Two Muslim communities in the Midwest have reported serious crimes in the past two days, suggesting that hate crimes against Muslims in the U.S. may be on the rise. 

The incidents come after a string of anti-Muslim crimes in four states -- Washington, California, Texas and New York -- since the Israel-Gaza conflict and beheading of two American journalists by terror group ISIS that took place during the summer. Local chapters of the Council on American-Islamic Relations (CAIR) have called for federal investigations of the incidents, which damaged property and, in one case, took a life.

The most recent incident took place Thursday night when a 15-year-old boy was killed in a hit-and-run outside the Somali Center of Kansas City. According to police, the boy’s legs were severed when an SUV intentionally swerved toward him and struck him. He was transported to a hospital but died from his injuries. The driver of the vehicle, a man in his 30s, ran from the scene but was caught by the police and taken into custody. Family members told WDAF-TV the teenager was the son of the Somali Center’s leader.

Community members say the driver has been threatening the Muslim community for months on Facebook and in person. They shared a photo with the media of the man's SUV with anti-Muslim graffiti on its back window that read, "Quran is a virus disease woreste [sic] than Ebola."

Police would not say whether the SUV in the photo was the one involved in the incident. No graffiti was reported to be on the vehicle, however a machete was found inside it, KCTV reported.

“We urge federal authorities to get involved in this case in order to send the message that our nation’s leaders will not allow American Muslims to be targeted because of their faith,” CAIR-Kansas Chairman Moussa Elbayoumy said in a statement Friday.

The deadly Kansas City incident came a day after vandalism was reported at the Central Minnesota Islamic Center in St. Cloud. It was the third time the building’s windows were damaged in recent weeks.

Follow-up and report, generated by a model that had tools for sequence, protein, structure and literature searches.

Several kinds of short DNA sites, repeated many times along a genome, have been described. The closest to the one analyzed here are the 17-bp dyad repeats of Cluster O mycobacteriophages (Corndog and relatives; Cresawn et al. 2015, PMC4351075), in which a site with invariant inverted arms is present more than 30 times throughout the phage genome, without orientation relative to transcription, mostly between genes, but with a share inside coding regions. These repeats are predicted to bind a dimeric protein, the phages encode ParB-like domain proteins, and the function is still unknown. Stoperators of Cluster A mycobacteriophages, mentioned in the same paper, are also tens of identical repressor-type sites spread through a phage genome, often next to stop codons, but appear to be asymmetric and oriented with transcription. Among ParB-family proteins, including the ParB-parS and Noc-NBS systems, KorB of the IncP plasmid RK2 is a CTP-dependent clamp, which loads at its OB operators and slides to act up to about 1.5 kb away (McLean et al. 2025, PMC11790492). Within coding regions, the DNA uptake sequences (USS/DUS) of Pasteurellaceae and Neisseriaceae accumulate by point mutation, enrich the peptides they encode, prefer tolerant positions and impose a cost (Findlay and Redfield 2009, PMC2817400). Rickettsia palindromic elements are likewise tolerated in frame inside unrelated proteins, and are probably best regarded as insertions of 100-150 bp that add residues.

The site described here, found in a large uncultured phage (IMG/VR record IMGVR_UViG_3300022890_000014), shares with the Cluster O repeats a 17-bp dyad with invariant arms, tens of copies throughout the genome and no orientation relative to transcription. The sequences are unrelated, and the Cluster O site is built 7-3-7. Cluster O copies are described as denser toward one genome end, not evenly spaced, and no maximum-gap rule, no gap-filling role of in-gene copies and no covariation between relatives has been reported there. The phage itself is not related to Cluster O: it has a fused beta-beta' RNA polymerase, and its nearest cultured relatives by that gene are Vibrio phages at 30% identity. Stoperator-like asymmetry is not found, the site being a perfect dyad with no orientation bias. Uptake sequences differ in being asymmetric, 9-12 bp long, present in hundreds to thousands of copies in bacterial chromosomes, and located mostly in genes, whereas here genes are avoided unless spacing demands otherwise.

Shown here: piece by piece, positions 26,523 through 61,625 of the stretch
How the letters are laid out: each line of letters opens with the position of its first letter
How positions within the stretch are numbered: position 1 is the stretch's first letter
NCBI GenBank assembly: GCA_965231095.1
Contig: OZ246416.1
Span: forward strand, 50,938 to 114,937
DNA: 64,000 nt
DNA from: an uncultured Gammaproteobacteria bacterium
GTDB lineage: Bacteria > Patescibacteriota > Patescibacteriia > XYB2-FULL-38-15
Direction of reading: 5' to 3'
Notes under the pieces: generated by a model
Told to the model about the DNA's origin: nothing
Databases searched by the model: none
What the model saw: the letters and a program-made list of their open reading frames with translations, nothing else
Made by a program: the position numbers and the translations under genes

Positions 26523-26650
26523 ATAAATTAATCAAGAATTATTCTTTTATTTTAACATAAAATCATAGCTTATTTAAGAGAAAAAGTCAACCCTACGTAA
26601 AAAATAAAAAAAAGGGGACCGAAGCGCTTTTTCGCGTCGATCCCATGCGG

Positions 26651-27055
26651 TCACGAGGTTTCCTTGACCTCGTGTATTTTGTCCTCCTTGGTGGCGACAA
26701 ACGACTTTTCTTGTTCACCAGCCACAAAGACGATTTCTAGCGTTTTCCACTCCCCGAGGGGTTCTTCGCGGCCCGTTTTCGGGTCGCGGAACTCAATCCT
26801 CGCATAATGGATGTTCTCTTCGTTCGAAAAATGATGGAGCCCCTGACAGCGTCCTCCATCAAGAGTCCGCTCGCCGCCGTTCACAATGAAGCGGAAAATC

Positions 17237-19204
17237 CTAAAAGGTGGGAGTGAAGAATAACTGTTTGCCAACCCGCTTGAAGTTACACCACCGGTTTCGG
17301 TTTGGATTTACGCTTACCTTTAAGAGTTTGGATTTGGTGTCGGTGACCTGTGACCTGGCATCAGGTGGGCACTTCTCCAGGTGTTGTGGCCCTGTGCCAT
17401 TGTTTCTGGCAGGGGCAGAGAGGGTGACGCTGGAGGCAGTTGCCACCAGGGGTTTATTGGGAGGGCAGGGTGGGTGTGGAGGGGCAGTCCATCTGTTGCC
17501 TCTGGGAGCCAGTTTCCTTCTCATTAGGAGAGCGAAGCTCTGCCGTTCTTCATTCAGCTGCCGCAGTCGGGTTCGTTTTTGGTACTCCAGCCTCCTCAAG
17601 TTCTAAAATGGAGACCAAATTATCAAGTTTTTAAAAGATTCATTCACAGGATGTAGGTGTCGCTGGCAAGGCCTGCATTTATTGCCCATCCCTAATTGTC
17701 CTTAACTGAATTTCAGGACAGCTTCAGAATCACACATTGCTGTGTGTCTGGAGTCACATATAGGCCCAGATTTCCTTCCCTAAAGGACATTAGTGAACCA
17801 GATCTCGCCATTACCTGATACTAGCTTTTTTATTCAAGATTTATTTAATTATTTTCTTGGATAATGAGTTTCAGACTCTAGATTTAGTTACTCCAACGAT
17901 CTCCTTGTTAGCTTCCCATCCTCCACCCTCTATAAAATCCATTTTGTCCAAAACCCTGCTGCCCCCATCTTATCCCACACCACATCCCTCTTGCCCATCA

Worshippers’ property has also been targeted. Earlier this week, at the Islamic Center of St. Cloud, located around the corner from the Central Minnesota Islamic Center, congregants said their car windows were damaged while they attended morning prayers.

"At the beginning we were thinking it was isolated -- a student or drunk person. But it isn't," Mohamoud Mohamed, spokesman for the Central Minnesota Islamic Center, told the St. Cloud Times said about the vandalism. "It is some person or persons who are causing damage and targeting our faith facilities."

In St. Paul, Minnesota, graffiti was found on a driveway in a neighborhood where several Muslim families live. On  Oct. 28, a resident reported the graffiti, which read, “[expletive] Islam” written in motor oil on the pavement, the Star Tribune reported.

“It’s troubling because St. Paul is very diverse and there’s a large Muslim community in Minnesota,” Lori Saroya, CAIR-MN executive director, said about the incident.

Minnesota has a large Somali population, the majority of whom are Muslim. An estimated 77,000 live in the state. Most arrived as refugees and have been resettled by local agencies such as Lutheran Social Services, Catholic Charities and World Relief. In Missouri, Somali refugees are the second-largest refugee population in the state, with 1,900 people arriving between 2000 and 2011.

According to the 2012 Missouri Hate Crime report, 10 percent of hate crimes that were motivated by a religious bias were anti-Islamic in nature. Minnesota does not offer similar hate crime statistics. Saroya said her office has not received recent reports of other anti-Muslim crimes, although mosques and homes are vandalized a few times each year in the state.

Anti-Muslim sentiment has been reported elsewhere in the United States. On Nov. 20, headstones and memorials at a Muslim cemetery in Maltby, Washington, were destroyed. In California, mosques in Santa Cruz and San Diego were vandalized in October and November. A shooting took place at a mosque in Coachella on Nov. 4. No one was injured.

And on Thursday, a Houston elementary school teacher resigned after making anti-Muslim comments on a political talk show. "I am so sick of the bacon-haters coming here and demanding that we bend to their culture -- no," Angela Box said on a segment discussing terrorism. She also used profanity when discussing Muslims.

In New York City, NYPD police said the number of hate crimes against Jews and Muslims has spiked since the Israel-Gaza conflict this summer and the beheading of two American journalists by the Islamic State group, also known as ISIS or ISIL.

As of Sept. 9, there was a 35 percent increase in anti-Semitic incidents reported in the city compared with 2013. As for anti-Muslim hate crimes, there were 15 incidents in 2014 compared with seven last year; 12 took place between July and August.

“A person normally not offended is offended and is moved to take action,” Deputy Chief Michael Osgood of the NYPD’s Hate Crimes Task Force, said at a news conference, speculating on reasons behind the recent spike.